How the Fiscal Cliff Deal Hurts Consumers

Consumers' budgets will be squeezed thanks to a payroll tax hike.

New tuition announcements may help some families keep more money in their wallets next fall.

If your salary is $35,000, you will bring home $700 less this year thanks to the fiscal cliff deal.

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An eleventh hour deal prevented the nation from plunging over the fiscal cliff Tuesday, but most Americans will still be stuck with higher tax bills this year.

That's because while Democrats succeeded in raising taxes on the nation's top earners, lawmakers failed to renew the payroll tax cut, which means nearly every worker will have less take-home pay in coming months.

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For the past two years, withholding taxes for social security purposes were temporarily cut from 6.2 percent to 4.2 percent in an effort to give households more disposable income to spend and boost the struggling economy.

Following the fiscal cliff deal, that withholding will revert back to 6.2 percent, and workers will "probably notice it," says Joe Rosenberg, research associate at the Tax Policy Center.

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For people or households earning $35,000 in wages, an extra $700 will come out of take-home pay annually, amounting to about $58 less per month. Going up the income ladder, those making $50,000 in wages will have an extra $1,000 annually, or about $83 a month, withheld from paychecks.

What's $58 worth of monthly expenses? Here's a look at what could be cut out of household budgets in 2013 as a result of the payroll tax hike:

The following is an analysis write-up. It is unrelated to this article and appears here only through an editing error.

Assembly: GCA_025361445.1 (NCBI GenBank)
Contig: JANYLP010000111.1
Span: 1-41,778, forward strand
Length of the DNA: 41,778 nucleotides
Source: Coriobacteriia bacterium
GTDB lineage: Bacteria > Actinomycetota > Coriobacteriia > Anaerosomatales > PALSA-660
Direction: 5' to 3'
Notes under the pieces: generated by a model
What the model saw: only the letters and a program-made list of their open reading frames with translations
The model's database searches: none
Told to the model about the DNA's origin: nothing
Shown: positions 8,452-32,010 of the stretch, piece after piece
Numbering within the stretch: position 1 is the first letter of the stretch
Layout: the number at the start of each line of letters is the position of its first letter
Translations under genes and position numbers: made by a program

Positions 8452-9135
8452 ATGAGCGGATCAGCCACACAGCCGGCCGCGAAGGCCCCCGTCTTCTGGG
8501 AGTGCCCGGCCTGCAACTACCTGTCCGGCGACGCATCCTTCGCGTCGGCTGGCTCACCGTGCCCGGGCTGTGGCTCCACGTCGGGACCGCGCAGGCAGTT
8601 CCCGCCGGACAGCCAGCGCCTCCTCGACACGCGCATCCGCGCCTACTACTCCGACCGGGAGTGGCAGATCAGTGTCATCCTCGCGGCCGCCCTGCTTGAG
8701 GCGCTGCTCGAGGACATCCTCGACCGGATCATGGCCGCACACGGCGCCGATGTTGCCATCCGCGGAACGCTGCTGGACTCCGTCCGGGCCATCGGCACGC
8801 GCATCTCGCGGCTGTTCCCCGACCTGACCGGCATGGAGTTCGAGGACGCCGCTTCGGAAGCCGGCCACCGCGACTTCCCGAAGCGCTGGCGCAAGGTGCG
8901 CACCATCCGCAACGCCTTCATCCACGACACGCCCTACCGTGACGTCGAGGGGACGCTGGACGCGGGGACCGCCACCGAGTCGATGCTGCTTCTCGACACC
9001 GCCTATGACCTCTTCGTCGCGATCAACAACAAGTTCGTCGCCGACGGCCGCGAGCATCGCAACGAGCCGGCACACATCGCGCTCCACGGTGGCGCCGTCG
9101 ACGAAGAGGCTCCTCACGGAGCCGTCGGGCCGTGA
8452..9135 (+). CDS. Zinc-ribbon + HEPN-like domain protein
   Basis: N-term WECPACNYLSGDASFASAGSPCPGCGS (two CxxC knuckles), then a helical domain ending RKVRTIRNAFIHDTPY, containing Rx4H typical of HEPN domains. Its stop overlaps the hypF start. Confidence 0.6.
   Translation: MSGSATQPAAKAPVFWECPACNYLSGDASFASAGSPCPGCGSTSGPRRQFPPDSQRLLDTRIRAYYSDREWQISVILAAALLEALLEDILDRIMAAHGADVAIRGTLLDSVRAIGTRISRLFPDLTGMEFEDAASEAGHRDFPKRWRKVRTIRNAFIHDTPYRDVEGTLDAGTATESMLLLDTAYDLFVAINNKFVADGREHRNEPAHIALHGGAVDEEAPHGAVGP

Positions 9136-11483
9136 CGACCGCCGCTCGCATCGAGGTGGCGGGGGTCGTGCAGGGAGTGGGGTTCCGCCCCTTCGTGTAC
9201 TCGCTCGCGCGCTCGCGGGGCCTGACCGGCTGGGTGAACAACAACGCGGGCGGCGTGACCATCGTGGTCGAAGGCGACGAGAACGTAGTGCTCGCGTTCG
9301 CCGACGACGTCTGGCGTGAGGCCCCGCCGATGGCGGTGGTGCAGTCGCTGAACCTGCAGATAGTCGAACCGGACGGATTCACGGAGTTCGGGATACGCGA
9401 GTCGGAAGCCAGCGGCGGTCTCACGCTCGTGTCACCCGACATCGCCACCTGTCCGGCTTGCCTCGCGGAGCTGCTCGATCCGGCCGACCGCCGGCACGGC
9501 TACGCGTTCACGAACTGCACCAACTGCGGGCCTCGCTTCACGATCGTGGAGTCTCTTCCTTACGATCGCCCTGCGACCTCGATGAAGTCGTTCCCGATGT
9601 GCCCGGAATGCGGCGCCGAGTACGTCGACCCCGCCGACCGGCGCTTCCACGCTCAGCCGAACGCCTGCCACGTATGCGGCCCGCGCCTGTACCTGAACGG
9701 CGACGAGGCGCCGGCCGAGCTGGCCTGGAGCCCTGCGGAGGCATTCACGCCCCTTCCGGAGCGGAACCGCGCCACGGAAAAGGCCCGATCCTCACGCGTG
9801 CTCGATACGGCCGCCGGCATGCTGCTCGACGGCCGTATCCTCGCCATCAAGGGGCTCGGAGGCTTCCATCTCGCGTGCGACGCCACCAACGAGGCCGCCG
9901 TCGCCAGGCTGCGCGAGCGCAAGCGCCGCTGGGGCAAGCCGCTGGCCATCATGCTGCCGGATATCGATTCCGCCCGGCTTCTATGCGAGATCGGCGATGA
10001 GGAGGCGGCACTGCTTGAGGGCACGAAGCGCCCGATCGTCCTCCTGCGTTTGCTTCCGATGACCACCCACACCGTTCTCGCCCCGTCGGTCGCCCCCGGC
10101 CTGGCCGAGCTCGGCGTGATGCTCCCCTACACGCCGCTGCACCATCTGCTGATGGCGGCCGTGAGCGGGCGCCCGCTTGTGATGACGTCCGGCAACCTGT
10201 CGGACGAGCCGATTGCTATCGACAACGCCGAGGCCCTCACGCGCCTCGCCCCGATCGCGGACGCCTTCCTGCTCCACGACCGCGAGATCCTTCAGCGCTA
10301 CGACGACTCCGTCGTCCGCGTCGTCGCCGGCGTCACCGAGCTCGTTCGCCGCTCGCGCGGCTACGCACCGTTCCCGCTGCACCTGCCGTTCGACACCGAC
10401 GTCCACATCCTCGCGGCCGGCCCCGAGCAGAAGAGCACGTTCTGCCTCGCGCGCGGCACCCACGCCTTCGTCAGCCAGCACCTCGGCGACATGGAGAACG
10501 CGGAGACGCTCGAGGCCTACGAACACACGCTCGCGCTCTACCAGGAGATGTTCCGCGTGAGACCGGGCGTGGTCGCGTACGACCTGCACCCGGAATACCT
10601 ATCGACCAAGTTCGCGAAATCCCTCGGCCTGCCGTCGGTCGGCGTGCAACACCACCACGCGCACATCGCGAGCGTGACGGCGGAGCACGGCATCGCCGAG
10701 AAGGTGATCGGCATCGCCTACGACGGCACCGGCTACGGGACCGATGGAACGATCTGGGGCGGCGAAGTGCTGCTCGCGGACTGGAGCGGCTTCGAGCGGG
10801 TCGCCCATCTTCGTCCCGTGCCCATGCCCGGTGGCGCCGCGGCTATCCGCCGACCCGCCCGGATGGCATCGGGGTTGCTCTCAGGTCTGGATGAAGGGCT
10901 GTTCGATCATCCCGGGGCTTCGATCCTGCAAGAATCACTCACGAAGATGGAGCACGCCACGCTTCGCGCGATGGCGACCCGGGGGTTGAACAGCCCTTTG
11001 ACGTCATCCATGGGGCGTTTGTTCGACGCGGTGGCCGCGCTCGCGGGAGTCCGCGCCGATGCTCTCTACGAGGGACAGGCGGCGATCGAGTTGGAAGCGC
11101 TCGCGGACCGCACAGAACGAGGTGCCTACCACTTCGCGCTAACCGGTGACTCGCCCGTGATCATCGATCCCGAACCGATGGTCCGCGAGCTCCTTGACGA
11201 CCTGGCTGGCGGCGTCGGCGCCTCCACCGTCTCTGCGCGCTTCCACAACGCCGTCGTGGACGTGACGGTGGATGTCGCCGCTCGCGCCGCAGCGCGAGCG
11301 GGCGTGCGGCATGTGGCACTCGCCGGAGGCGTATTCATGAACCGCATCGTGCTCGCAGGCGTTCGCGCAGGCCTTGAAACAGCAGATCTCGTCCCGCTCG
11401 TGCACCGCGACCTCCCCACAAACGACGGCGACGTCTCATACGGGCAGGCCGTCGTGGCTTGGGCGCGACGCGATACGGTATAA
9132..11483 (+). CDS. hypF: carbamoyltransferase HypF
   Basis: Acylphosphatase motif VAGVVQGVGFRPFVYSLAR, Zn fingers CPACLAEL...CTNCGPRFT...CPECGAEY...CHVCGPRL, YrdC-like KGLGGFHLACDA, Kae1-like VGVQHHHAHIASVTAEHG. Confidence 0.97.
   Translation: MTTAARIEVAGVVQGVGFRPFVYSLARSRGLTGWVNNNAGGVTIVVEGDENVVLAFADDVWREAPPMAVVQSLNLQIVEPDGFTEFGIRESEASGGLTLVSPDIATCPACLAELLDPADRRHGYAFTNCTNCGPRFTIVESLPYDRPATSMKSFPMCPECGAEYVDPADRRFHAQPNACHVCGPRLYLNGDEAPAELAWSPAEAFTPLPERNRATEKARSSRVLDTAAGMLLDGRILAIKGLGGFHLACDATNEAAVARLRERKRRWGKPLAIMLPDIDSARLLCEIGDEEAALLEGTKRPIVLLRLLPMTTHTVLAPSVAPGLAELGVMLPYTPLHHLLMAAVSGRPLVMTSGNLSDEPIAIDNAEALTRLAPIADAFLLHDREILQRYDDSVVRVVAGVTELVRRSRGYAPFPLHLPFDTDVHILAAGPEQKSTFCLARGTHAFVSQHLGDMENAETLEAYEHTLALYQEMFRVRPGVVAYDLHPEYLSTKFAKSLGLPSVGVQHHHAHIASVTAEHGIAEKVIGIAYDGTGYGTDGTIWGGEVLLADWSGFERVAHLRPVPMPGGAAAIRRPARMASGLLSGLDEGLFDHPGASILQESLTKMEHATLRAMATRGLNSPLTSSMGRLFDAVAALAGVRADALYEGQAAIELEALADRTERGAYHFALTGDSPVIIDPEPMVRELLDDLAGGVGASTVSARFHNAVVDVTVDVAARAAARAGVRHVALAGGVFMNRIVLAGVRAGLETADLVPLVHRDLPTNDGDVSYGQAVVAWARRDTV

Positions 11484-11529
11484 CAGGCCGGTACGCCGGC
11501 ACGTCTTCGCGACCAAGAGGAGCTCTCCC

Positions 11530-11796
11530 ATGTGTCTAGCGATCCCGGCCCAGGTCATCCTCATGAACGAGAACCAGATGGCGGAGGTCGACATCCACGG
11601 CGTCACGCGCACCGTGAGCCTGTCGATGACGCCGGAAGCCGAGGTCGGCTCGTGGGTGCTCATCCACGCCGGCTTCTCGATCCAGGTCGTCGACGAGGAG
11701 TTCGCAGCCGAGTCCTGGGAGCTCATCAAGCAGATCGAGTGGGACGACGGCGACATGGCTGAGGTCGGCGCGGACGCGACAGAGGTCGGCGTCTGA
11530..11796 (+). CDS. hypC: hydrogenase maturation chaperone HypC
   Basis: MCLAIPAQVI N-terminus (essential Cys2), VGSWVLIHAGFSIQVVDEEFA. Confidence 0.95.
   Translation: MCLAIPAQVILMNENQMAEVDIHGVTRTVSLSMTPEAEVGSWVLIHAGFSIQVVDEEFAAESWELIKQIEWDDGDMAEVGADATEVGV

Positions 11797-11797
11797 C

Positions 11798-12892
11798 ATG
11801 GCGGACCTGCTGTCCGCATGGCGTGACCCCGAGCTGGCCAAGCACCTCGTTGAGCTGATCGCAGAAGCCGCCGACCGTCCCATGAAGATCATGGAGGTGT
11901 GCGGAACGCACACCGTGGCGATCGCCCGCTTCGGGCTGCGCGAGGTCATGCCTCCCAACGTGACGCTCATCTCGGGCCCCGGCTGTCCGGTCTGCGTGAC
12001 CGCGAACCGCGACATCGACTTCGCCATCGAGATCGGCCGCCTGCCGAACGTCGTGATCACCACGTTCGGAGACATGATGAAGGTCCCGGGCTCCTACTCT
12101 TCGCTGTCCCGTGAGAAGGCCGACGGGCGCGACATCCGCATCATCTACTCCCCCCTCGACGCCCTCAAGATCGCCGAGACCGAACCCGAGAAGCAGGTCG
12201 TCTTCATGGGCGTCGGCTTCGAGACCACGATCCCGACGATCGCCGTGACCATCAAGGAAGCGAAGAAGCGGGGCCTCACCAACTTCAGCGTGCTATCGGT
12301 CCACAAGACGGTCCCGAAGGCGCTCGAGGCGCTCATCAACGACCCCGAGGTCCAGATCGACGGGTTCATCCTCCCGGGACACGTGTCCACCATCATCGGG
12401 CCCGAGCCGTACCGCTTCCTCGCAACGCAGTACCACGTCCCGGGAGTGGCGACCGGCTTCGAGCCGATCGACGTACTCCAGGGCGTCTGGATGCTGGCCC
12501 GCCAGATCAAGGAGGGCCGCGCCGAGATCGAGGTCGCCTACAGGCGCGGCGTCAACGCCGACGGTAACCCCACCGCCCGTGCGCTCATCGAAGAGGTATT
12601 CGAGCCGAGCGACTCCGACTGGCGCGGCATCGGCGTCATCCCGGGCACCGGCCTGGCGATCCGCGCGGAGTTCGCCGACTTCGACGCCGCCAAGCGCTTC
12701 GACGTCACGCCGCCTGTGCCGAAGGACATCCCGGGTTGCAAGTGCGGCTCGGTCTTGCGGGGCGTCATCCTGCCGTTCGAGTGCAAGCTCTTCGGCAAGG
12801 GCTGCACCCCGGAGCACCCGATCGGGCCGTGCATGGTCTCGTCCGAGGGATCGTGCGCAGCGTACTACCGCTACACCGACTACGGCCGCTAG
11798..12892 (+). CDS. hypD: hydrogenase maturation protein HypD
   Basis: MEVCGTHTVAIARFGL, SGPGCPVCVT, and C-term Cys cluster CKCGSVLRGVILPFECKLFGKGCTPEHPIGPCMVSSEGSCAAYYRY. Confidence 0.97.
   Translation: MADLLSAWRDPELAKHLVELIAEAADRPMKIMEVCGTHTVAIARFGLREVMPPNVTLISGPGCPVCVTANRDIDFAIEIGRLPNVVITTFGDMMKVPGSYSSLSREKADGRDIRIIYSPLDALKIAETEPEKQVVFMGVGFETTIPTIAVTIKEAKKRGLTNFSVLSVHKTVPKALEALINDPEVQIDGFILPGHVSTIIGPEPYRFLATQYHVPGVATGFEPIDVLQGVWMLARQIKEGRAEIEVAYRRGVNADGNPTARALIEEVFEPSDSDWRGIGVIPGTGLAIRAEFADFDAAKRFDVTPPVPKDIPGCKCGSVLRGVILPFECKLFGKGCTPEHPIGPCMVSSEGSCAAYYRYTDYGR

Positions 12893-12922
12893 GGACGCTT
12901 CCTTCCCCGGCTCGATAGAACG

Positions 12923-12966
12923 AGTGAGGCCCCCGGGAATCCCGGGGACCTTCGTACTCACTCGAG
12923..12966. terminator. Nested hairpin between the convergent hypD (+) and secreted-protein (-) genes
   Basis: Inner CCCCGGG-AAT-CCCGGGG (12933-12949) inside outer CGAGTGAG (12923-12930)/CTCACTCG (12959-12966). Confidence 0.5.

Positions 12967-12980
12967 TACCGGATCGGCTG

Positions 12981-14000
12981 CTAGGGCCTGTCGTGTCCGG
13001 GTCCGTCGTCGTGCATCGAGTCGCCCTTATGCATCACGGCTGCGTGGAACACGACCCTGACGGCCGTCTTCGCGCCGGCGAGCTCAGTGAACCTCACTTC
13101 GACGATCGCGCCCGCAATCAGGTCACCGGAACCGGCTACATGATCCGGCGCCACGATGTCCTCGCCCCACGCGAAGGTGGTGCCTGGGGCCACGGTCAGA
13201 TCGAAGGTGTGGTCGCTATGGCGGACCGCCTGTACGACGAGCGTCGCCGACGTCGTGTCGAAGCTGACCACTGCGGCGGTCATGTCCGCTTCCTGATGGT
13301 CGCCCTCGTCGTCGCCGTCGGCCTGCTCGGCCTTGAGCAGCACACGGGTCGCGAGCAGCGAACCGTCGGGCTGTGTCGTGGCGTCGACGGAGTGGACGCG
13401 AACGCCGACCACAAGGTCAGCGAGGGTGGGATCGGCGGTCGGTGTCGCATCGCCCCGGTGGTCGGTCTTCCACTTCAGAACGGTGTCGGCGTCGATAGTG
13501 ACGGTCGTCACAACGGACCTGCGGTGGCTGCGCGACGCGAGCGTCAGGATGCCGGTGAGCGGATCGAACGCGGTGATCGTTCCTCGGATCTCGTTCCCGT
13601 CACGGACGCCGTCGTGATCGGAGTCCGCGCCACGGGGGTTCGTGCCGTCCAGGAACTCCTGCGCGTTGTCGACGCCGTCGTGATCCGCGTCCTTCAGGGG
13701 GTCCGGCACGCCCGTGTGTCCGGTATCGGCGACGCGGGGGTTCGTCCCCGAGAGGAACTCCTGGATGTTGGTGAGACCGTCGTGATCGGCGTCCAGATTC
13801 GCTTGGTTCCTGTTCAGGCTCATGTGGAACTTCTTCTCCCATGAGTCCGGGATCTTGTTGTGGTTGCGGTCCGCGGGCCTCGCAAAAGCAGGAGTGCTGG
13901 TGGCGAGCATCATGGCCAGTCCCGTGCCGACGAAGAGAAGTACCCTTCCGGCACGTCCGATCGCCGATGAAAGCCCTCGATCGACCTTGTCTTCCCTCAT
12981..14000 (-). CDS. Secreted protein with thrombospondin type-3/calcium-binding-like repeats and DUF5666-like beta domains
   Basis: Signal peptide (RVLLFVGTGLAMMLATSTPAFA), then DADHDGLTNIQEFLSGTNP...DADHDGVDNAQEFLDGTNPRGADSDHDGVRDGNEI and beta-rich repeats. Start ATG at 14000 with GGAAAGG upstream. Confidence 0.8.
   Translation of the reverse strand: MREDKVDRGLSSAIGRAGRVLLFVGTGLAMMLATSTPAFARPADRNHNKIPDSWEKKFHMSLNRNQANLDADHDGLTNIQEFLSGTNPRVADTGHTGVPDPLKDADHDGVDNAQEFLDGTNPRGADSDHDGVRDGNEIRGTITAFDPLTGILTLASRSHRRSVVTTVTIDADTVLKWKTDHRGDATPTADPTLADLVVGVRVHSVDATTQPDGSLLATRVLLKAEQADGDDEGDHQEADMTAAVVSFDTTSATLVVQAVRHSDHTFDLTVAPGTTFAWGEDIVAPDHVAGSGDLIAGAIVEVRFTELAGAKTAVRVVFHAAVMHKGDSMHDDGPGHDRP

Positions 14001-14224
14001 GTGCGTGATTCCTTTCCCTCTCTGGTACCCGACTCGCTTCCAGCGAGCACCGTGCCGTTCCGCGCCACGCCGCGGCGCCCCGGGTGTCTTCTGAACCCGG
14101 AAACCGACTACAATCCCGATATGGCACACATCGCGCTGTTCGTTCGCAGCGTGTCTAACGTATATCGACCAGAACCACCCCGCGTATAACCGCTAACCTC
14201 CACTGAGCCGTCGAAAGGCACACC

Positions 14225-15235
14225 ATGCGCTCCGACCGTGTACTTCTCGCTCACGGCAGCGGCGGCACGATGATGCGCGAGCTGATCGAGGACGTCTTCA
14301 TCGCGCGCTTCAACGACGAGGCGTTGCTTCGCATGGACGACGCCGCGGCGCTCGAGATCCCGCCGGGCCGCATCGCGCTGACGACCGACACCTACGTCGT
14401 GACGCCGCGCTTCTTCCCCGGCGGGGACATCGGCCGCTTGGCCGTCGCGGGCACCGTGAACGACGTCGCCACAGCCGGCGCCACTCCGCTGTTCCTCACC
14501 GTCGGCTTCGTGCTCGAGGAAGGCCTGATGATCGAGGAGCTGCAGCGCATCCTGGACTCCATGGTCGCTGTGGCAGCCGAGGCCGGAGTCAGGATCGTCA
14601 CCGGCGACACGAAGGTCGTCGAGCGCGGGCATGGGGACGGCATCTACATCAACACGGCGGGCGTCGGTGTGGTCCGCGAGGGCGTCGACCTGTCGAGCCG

Pizza night: Delivery for a medium Pizza Hut pepperoni pizza is $12.50 before tax and tip according to the restaurant's website. At that price, $58 would buy four pizzas.

Movie night: $58 would fund about 7 movie showings at average movie ticket prices, which were just under $8 in 2011, according to the most recent data from the National Association of Theatre Owners.

Breakfast goodies: With food prices already expected to increase in 2013 thanks to this summer's drought, less disposable income will put more strain on grocery budgets, especially for lower-income households. In terms of milk, $58 would buy about 16 gallons of milk, according to the latest average price data from the Bureau of Labor Statistics.

Road trips: Although gas prices are falling, at about $3.29 a gallon on average, fuel costs still make up a big part of household budgets. A 2012 Toyota Camry has a 17-gallon fuel tank, meaning that at current prices, consumers will have to find the funds for one additional fill-up per month.

New clothes: $58 would buy almost 4 pairs of Old Navy's skinny jeans for girls.

But if that money isn't going into consumers' pockets, it's not being spent, and that could have serious consequences for the nation's economy.

"When we talk about the impact of tax changes, most economists would probably agree that the social security [payroll] tax has the biggest impact of all," says Barry Bosworth, an economist at The Brookings Institution. "It's targeted toward a group of people who would [otherwise] likely be spending that money."

Just how big of an impact the rollback in the payroll tax cut will actually have on the broader, heavily consumer-spending driven U.S. economy remains to be seen. According to Bosworth, the combined annual impact of the cut is about $100 billion. Together with unemployment taxes—which were extended in the cliff deal—that figure swells to $150 billion, just under 1 percent of total gross domestic product.

"There will be a very observable impact on the economy," Bosworth says of the payroll tax withholding increase. "[Economic] growth is going to be a little slow."

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Meg Handley is a reporter for U.S. News & World Report. You can reach her at mhandley@usnews.com and follow her on Twitter at @mmhandley.